Planning helps get bariatric insurance approvals!

Sometimes knowing what lies ahead on the road you’re traveling helps you to avoid trouble.

Maybe you know there’s that killer speed bump around the blind corner because you’ve driven that way hundreds of times. Maybe you know to slow down at a certain point because those kids always play just down the cul-de-sac.  If you know what trouble possibly lies ahead on your road it’s much easier to avoid.

The same thing can be said about bariatric surgery insurance requests.  But with one important difference:  While avoiding denials is a nice goal, it must always be balanced with knowing that your bariatric surgery insurance coverage may disappear or get severely limited… so be careful when it comes to spending too much time navigating around the requirements your insurance company puts in your way. AND ALWAYS REMEMBER that just because you don’t meet the insurer’s criteria for surgery doesn’t mean it isn’t medically necessary NOR does it mean that you cannot get approved!  So don’t let your desire to avoid a denial unknowingly cause you to miss the chance to have surgery altogether!   Payer criteria sometimes can’t or shouldn’t be met!   Unfortunately, it isn’t always possible to avoid hearing your insurance payer say “NO”. Quite often their requirements for surgery are unreasonable, impossible to comply with, and simply designed to create so many hoops that patients (and providers) get frustrated and go away, never to be heard from again.

There are some things you can do prior to submitting to your insurance which will either help you get approved the first time or make our ability to appeal quickly and completely that much better.


It’s your health at stake so don’t just sit back and let someone else do it and think everything will be fine. Maybe it will but successfully navigating the insurance pre-approval process requires your involvement as well as the provider’s office. You must be willing to assist with the process. If you’re not sure what you can or should do, get some direction from the insurance specialists at the surgeon’s office. You want to be sure your efforts are not duplicative of things being done, or even counterproductive to obtaining preauthorization.


If you don’t have your current insurance booklet, get it! You may have to contact the employer or entity providing the insurance or you may be able to access it as a pdf file online through an insurer’s portal like or

Once you have the insurance booklet, read it carefully (try to stay awake!), especially the exclusions and limitations sections. If you have it in pdf format you can often use the “Find” or “Search” functions of your pdf reader to locate words like “obesity” or “bariatric” or “weight” – those are terms that will often lead you to important coverage limitations or exclusions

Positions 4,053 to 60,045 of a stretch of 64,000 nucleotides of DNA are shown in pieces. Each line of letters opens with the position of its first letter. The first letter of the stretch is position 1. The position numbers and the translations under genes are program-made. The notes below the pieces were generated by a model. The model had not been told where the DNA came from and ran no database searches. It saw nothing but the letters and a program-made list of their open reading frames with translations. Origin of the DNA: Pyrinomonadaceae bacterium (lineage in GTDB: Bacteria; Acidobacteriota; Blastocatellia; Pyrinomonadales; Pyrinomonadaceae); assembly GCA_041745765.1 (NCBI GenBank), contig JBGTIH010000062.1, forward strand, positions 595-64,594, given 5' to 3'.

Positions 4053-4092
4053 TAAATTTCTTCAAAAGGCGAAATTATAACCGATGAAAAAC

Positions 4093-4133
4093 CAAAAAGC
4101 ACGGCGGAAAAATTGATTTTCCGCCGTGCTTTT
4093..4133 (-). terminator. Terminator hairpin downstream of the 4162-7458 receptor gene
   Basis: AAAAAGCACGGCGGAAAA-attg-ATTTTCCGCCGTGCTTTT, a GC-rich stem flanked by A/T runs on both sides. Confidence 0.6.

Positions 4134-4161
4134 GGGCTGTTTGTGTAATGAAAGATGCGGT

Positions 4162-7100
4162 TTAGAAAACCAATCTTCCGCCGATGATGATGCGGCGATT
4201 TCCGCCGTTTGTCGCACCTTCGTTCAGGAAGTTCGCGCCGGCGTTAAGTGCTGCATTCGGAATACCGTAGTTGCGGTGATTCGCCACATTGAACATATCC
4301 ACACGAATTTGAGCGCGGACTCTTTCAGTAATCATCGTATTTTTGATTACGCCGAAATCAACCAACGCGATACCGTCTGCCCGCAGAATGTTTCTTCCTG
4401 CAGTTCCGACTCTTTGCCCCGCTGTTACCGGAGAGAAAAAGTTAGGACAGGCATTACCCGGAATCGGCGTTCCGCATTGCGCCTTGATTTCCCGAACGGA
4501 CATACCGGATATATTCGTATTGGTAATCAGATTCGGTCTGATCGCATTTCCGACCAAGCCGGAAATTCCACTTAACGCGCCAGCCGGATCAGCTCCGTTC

There used to be a time when insurance companies kept access to their coverage policies a more closely guarded secret than nuclear launch codes. It’s slightly easier to find them online and this is where you’ll find out about their dietary requirements, procedures they will or won’t cover, etc.


Usually the most important non-surgeon health care providers from the perspective of assisting with the insurance approval process are in the areas of primary care and and specialist dealing with your obesity-related co-morbid conditions. Don’t just assume the surgeon is getting the records – YOU should take responsibility and once you have them make a copy for your personal use. This will minimize any delays in the event that the payer claims to have “lost” the pre-authorization packet sent in by the bariatric program.

In addition to obtaining medical records you should obtain any available documentation showing your prior efforts at losing weight. This documentation is often essential and if it is provided you can often get a faster approval. Of course, whether such documentation exists and the quality of that documentation will vary greatly, but especially important are chart notes showing medically supervised weight loss efforts. Secondarily, any documentation that shows any professionally supervised (as opposed to “medically supervised”) weight loss efforts. Examples of the latter include Jenny Craig sign-in sheets or contracts, Weight Watcher’s stamp booklets, online logins, etc.

While there is no guarantee that your efforts in these areas will lift the fog your insurer tries to blind you within the hopes that you’ll get frustrated and go away, rest assured these activities will be enormously useful if you have to appeal – – – and most certainly they are your best way of trying to get approved the first time!

601-C East Palomar Street #480 Chula Vista, California 91911 Tel - 877-992-7732 Fax - 844-384-9199

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